Hunting heretics in modern Australia


Ayaan Hirsi Ali will now not be coming to Australia. Her “Hero of Heresy” speaking tour this week has been cancelled due to “security concerns”. Too heretical for some:

Hirsi Ali, who was due to speak in Brisbane, Melbourne and Sydney, has attracted critics for speaking out about ­reforming traditional Islam and confronting militant Islam.

The Somali-born Dutch-American activist, author, and former politician, is an outspoken opponent of female genital mutilation.

Last month the organisation hosting her — Think Inc — said it had been harassed about her appearance.

Its insurers were contacted and warned there could be trouble, and venues where she was scheduled to speak had been contacted and warned that there would be protests where she was due to appear.

Much of this was done by an individual called Syed Murtaza Hussain of the Council for the Prevention of Islamophobia Inc.

He informed Festival Hall in Melbourne there would be 5000 protesters outside the venue if the engagement went ahead. There have been other initiatives, including an abortive appeal on to prevent Ali from speaking.

I have written a lot lately about freedom of speech (apologies to the TDC readers interested in other topics, like Tinder, Turkey or Trump), particularly about boycotts, campaigns and harassment as private forms of censorship, so I’m not going to rehash the arguments here. But, sadly, Hirsi Ali’s aborted tour has now become yet another example of this trend where some exercise their freedom of speech to deny others theirs.

What’s the best way to win the debate? Not to have the debate at all.

It is slightly before my time, and some of my older readers might remember it better than me, but recall how the enlightened elite opinion once used to react to Christians freaking out over “The Last Temptation of Christ” or “Piss Christ”. “Don’t like the film? Don’t watch it then.” “Pickets and boycotts? Stop trying to censor art, you Philistines!” Funny how there is always an open season for some religions but others are out of bounds for criticism or ridicule.

As a Bad Catholic (I’m trying to get the Australian Bureau of Statistics to adopt it as an official option at the next census) I don’t enjoy others mocking, insulting or rubbishing the theology, history and the institutions of my religion. But I think these others have a right to do so, and should not be prevented from or punished for doing so. God can deal with blasphemers without my assistance. And my feelings aren’t so precious as to require the protection of law.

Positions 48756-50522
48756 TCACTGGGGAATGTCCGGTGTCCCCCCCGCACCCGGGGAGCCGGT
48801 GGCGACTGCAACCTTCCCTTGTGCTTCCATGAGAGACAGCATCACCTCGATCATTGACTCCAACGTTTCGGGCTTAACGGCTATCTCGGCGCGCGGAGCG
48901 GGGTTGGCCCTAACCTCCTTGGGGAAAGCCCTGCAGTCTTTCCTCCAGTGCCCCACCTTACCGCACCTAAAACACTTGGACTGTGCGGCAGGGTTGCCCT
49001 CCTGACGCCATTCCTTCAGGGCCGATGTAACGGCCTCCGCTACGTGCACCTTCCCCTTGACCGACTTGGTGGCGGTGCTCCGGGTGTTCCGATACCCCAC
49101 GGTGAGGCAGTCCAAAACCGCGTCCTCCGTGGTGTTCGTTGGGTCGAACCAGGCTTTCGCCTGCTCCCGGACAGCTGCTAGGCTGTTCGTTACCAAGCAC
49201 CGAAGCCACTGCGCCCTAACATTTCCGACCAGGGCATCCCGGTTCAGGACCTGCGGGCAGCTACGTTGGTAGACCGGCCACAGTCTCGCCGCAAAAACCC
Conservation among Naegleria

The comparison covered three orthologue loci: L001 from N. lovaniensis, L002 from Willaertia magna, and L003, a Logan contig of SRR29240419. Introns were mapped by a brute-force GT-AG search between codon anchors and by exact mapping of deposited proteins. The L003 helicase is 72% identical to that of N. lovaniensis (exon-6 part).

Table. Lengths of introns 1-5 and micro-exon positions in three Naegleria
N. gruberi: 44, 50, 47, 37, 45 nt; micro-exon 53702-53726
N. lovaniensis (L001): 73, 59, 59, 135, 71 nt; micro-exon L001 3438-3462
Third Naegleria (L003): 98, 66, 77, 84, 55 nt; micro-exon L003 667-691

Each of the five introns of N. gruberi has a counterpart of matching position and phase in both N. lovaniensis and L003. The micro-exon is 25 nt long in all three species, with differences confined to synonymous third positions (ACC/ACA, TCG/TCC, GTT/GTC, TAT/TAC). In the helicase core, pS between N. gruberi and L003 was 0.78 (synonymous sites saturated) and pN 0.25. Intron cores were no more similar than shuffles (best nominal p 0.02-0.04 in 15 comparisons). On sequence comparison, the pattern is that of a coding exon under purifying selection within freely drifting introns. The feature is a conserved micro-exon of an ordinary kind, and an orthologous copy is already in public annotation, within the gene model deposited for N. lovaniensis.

Hirsi Ali is an ex-Muslim and now an atheist. Her criticism of her former religion is no different to that, which luminaries of international atheism like Richard Dawkins, Sam Harris or the late Christopher Hitchens have directed at Christianity for the past few decades – and many others beside them and before them.

Why the double standard in reaction and response then, all with the enthusiastic acquiescence of the left?

Is it because Christianity is “own” religion, which large sections of the left have spent generations fighting as a conservative and reactionary force, while Islam is the religion of “the other”, whom the left has worshipped for centuries, from the Noble Savage, through the Third Worldism, to present day refugees?

Is it because while Christians will make some noise, they can be safely poked with a stick because they will not kill cartoonists, slash the blasphemers’ throats, set off bombs, and cause general mayhem? Because Christianophobia will not radicalise old ladies and choirboys, while Islamophobia is supposedly doing what the terrorists want us to do, creating more recruits, and causing jihad?

Whatever the answers, Ayaan Hirsi Ali’s cancelled tour is a dangerous development. We no longer debate, we ban; we don’t discuss, we prosecute. We put feelings above freedoms. And even then we do it unevenly and hypocritically, playing favourites and settling old scores.

We don’t burn heretics any more, we just cause their speaking tours to be cancelled on security grounds. One could call it progress, except that we have not been doing the former for a few hundred years and the latter for decades at least. We seemed to have reached our peak tolerance as a society (and I mean real tolerance, as in “I might disagree with you but I will defend to my death your right to say it”, not the left-wing “I’m tolerant of the opinions I agree with”) and we are now sliding down the slippery slope.